Type of Document Dissertation Author Wilkinson, Matthew E. Author's Email Address firstname.lastname@example.org URN etd-11122008-115728 Title Destructive Behavior Among Adolescents: The Role of Social Integration in the Academic Institution Degree Doctor of Philosophy (Ph.D.) Department Sociology Advisory Committee
Advisor Name Title Michael D. Grimes Committee Chair Mark J, Schafer Committee Member Susan A. Dumais Committee Member Troy C. Blanchard Committee Member Elizabeth H. Dow Dean's Representative Keywords
- locus of control
Date of Defense 2008-10-29 Availability unrestricted AbstractThis study explores the relationships between the social environment of the academic institution and the self-destructive behavior of the students within it. My approach combines elements of strain and social control theories to expand the concept of social integration and its importance in influencing adolescent deviant behavior; I include theories of identity, efficacy and locus of control, and self-concept in my theoretical model. My primary focus is on the importance of social integration in anchoring the individual into the social environment, providing him/her with pro-social sources for identity, efficacy, and social support. For students, the social environment of the school serves as a stage for public performance and construction of the adolescent identity.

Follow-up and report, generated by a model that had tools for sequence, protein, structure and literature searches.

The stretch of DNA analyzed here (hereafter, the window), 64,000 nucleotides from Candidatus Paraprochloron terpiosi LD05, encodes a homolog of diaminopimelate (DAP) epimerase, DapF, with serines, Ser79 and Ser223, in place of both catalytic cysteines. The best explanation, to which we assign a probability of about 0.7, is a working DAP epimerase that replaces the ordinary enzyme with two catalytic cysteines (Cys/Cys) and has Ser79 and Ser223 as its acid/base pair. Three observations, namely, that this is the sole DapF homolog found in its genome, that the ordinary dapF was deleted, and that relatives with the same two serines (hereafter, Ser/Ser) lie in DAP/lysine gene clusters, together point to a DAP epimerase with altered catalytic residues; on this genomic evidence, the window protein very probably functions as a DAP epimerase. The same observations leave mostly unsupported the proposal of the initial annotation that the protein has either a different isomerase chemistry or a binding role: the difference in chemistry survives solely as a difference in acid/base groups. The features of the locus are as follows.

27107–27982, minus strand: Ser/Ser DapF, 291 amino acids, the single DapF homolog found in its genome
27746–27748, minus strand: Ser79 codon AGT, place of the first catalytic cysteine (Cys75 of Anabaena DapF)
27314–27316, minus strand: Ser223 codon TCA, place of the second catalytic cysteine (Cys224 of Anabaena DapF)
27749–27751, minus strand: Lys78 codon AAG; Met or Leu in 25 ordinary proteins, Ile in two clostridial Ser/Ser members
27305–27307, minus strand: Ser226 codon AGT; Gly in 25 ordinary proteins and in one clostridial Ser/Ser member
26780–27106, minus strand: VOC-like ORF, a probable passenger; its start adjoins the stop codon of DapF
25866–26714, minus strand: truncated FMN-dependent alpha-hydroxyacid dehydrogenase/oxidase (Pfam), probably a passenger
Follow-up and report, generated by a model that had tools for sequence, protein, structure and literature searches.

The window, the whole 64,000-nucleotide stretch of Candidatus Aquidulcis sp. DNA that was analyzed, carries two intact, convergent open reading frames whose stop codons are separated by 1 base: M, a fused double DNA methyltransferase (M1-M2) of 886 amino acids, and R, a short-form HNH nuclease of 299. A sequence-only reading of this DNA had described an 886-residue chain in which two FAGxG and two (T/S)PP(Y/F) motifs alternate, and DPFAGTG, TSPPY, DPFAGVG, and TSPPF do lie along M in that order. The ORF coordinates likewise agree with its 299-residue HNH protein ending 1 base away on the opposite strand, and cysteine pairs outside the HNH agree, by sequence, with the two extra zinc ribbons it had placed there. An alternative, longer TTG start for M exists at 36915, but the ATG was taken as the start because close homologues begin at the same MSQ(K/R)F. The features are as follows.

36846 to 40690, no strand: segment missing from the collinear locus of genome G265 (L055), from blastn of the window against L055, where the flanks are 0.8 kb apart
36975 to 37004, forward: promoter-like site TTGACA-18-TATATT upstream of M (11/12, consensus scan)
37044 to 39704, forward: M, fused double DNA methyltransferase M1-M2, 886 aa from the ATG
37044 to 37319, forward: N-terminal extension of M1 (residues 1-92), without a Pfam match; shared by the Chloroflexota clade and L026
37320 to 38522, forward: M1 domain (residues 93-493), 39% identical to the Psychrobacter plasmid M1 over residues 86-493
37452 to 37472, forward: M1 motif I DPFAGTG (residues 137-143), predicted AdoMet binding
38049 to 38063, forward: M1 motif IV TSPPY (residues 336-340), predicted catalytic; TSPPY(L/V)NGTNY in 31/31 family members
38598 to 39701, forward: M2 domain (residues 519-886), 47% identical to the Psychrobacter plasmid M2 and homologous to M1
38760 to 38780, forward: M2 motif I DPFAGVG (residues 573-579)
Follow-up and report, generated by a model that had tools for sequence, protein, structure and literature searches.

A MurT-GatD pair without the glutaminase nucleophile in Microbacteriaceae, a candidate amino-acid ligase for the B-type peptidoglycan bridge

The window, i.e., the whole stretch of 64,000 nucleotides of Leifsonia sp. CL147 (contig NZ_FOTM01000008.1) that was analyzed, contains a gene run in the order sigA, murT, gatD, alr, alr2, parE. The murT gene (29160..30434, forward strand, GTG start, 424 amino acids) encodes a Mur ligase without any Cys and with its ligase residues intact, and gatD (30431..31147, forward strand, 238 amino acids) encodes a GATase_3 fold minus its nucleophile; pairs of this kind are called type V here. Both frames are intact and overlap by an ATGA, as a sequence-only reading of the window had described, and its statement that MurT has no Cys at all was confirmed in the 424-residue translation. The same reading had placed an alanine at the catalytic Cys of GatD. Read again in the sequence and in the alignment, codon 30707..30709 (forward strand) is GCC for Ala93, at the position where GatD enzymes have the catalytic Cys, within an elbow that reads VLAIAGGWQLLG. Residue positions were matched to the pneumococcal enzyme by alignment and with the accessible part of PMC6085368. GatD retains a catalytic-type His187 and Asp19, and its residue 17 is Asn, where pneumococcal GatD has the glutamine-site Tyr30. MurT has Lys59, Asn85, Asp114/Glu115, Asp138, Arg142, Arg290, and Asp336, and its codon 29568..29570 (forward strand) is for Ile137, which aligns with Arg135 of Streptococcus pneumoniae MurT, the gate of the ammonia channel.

Regression analyses of data from the National Educational Longitudinal Study of 1988 reveal that students who participate in any extracurricular activity during their sophomore year are less likely to commit light delinquency, are less likely to get into fights at school, less likely to use marijuana and cocaine at school, and are more likely to experience feelings of empowerment and personal control during their senior year. Even after we consider differences in race, gender, SES, school characteristics and location, academic performance, student employment, student church attendance, parental involvement in school, and student involvement in the community, delinquent behavior during the senior year is greater for students who did not participate in any extracurricular activity during their sophomore year. Furthermore, these relationships are even stronger among students who also experienced feelings of powerlessness and negative self-concept during their sophomore years. Over the course of their high school career, these students stand to gain the most from participation in the school environment. Social integration in the school anchors students in a structured, ordered existence; the social support, norms, routine, and identity enhancement that accompany social integration provide buffers against sources of strain and outlets through which to cope with the stressful environment of the school.
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